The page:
MigrationStudio draws a wealth of information from Microsoft System Centre Configuration Manager (SCCM) about application and hardware utilisation to help determine user and application readiness throughout a migration. Very often, organisations only realise that there's a problem with some of the SCCM agents when data about specific devices or applications don't appear as expected in MigrationStudio.
To help identify the workstations may have a non-functional SCCM agent, MigrationStudio contains a dashboard that provides a quick health view of the components required for data. This can be used to quickly create a list of devices that haven't reported back recently and need further investigation. If your implementation of MigrationStudio was installed before 01/12/2019 or the dashboard isn't available, please contact the service desk for further assistance.
Earlier versions of Windows require a specific driver to enable the SCCM agent to benefit from software metering. However, a Microsoft hotfix can break this functionality without administrators realising as the rest of the client still functions as expected. This document details the workaround to reinstate software metering.
- Microsoft Windows 7 SP1
- Microsoft Windows Server 2008 R2 SP1
Machines that are affected by this problem often show no signs of there being an issue until SCCM clients are required to provide software metering information. Closer inspection of the SCCM client log file for software metering, mtrmgr.log, will display the following error:
CSWMtrClientConfig::Load - Failed to get an instance of CCM_SoftwareMeteringClientConfig, error 80041002
Failed to load software metering client config
StartPrepDriver - OpenService Failed with error 80070424
Failed to create instance of CLSID_ProcessEventProvider, error 80040154
Failed to create instance of CLSID_SWMtrManager, error 80040154
Without the driver loading, clients are unable to successfully collect hardware and software inventory information.
The issue is caused by a Microsoft Windows convenience rollup, KB3125574, for Windows 7 SP1 and Windows Server 2008 R2 SP1. The problem occurs if the patch is installed to the operating system (OS) before the SCCM client. This is a common scenario for any organisation that creates their “gold image” WIM file and subsequently patches it using the SCCM offline patching feature.
The workaround is to deploy a script using an SCCM Compliance Rule to detect affected machines and install the driver manually.
Identify Affected Machines
The easiest way to detect a problem machine from the SCCM console is to find machines that haven’t successfully completed a Software Scan:
The SCCM client software metering log file, mtrmgr.log, should be reviewed for each machine that has failed to complete a software scan. If the log file displays an output similar to the example in 'Symptoms', above, the likely cause is KB3125574.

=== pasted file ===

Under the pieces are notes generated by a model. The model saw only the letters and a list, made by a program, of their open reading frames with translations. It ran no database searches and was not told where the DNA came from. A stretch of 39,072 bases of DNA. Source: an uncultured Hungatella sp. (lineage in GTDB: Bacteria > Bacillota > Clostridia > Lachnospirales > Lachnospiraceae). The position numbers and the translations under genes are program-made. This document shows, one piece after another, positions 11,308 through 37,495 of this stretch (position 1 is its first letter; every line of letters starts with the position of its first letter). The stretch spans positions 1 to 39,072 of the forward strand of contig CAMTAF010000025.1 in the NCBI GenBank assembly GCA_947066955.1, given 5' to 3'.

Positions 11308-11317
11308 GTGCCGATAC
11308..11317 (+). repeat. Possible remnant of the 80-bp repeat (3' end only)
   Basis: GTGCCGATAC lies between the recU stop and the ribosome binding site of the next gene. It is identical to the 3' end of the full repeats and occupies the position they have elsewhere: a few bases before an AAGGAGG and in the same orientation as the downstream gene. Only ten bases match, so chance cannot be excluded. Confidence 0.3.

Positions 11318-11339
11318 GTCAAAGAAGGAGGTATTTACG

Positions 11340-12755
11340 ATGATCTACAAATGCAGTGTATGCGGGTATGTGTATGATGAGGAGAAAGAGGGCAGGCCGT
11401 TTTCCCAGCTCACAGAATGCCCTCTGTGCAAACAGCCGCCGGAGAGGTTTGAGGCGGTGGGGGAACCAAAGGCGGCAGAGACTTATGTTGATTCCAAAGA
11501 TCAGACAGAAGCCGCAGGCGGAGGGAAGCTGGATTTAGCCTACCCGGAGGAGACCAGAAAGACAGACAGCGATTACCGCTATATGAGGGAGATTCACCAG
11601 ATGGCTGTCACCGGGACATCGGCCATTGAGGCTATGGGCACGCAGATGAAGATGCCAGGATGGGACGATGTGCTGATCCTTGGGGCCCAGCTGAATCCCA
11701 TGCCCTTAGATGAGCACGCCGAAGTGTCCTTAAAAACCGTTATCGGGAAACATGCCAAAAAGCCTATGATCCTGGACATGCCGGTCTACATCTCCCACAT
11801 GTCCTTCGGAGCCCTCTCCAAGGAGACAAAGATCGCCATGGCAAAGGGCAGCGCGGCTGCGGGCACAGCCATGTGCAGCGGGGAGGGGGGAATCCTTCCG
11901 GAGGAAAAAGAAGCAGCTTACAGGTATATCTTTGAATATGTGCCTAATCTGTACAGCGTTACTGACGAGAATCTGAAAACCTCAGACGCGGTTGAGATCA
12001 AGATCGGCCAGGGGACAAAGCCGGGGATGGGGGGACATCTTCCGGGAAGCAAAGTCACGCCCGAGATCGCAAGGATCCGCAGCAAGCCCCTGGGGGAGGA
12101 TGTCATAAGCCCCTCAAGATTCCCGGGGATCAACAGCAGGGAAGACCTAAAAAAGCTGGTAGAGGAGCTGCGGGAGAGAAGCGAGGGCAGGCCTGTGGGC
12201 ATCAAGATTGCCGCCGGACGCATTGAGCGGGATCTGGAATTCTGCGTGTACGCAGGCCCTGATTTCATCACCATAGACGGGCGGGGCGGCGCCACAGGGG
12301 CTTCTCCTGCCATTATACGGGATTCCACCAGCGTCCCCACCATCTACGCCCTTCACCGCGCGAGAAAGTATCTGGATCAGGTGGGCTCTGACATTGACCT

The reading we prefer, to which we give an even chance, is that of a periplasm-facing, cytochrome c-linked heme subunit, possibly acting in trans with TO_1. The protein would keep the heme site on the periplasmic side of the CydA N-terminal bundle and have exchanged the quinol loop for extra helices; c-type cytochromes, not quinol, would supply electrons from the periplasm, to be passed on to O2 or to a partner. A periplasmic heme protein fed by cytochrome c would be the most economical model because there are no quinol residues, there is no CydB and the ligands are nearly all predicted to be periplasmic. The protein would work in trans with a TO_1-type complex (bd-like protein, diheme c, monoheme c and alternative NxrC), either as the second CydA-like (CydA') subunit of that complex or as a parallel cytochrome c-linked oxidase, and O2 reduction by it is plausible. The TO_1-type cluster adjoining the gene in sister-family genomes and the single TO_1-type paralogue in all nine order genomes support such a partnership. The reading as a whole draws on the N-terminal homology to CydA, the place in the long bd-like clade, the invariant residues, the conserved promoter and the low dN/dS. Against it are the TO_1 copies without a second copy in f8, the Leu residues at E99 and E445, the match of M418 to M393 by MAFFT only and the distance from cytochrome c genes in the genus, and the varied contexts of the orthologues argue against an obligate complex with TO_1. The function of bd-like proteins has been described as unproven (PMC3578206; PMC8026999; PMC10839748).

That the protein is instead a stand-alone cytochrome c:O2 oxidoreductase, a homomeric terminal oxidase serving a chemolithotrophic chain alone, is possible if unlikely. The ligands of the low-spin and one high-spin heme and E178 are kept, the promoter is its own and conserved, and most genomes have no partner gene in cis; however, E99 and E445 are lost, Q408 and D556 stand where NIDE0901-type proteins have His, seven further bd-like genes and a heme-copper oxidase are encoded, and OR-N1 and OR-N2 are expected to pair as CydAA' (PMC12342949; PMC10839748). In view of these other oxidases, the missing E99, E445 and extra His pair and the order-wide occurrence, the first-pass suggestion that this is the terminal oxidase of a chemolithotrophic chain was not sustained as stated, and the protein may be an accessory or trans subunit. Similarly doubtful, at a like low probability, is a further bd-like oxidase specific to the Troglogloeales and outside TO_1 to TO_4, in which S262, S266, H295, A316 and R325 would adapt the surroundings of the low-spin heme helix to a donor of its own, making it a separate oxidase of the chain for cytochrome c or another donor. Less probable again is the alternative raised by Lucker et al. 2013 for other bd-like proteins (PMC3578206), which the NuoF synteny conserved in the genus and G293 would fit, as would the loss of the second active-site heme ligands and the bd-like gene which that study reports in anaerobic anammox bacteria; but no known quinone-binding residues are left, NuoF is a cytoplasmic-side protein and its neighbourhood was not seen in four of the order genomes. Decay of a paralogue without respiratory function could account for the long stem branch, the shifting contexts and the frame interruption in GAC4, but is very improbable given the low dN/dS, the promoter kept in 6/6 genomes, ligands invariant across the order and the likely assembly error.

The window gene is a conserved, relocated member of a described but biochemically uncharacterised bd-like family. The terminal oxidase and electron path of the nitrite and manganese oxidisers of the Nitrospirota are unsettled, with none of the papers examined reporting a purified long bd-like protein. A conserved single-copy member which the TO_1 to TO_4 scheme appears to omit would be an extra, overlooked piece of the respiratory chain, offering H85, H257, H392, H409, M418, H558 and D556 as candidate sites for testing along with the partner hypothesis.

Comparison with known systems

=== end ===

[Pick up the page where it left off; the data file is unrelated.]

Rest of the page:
An SCCM Configuration Baseline, containing one Configuration Item consisting of two scripts, can be used to detect and remediate this issue.
The first script evaluates whether the machine is compliant or not by using PowerShell to determine the presence of a specific registry key:
The PowerShell script will return a value of 'True' if the registry key exists or 'False' otherwise.
If the first script determines that the client is non-compliant, a second script - containing the remediation - will run:
The script installs the Prep Driver from the local CCM folder on the client before pausing for 10 seconds to allow the driver install to complete before the CCMExec service is restarted. Once the SCCM client has re-initialised, a hardware and software scan is triggered.
Both scripts are linked together using a Compliancy Rule in SCCM. The rule is looking for an output of 'True' from the first script and will only run the second script should a 'False' be returned:
The Configuration item should be limited to run only against Windows 7 SP1 and Windows Server 2008 R2 SP1 clients as these are the only operating systems affected:
Once the compliance settings are complete, the Configuration Baseline can be deployed to a device collection containing Windows 7 and Server 2008 machines.
Verify the Fix
Once the Compliance Baseline has been deployed to the machine(s) it will appear in the 'Configurations' tab of the SCCM client properties. It will run on the schedule set within the deployment. Once run the 'Compliance State' should change from 'Unknown' to either 'Compliant' or 'Non-Compliant':
The baseline will re-evaluate after the remediation script has run to determine whether the Prep Driver has been successfully installed:
To ensure the fix has been correctly applied, there are two further checks that should be performed on one of the machines affected by the issue:
- Check the registry for the presence of the 'prepdrvr' registry key:
- The “mtrmgr.log” should now look healthy and show the following messages:
Once the machine has completed its hardware and software scans, these should now be successfully passed to the clients Management Point and available in the SCCM console:
Compliance Baseline report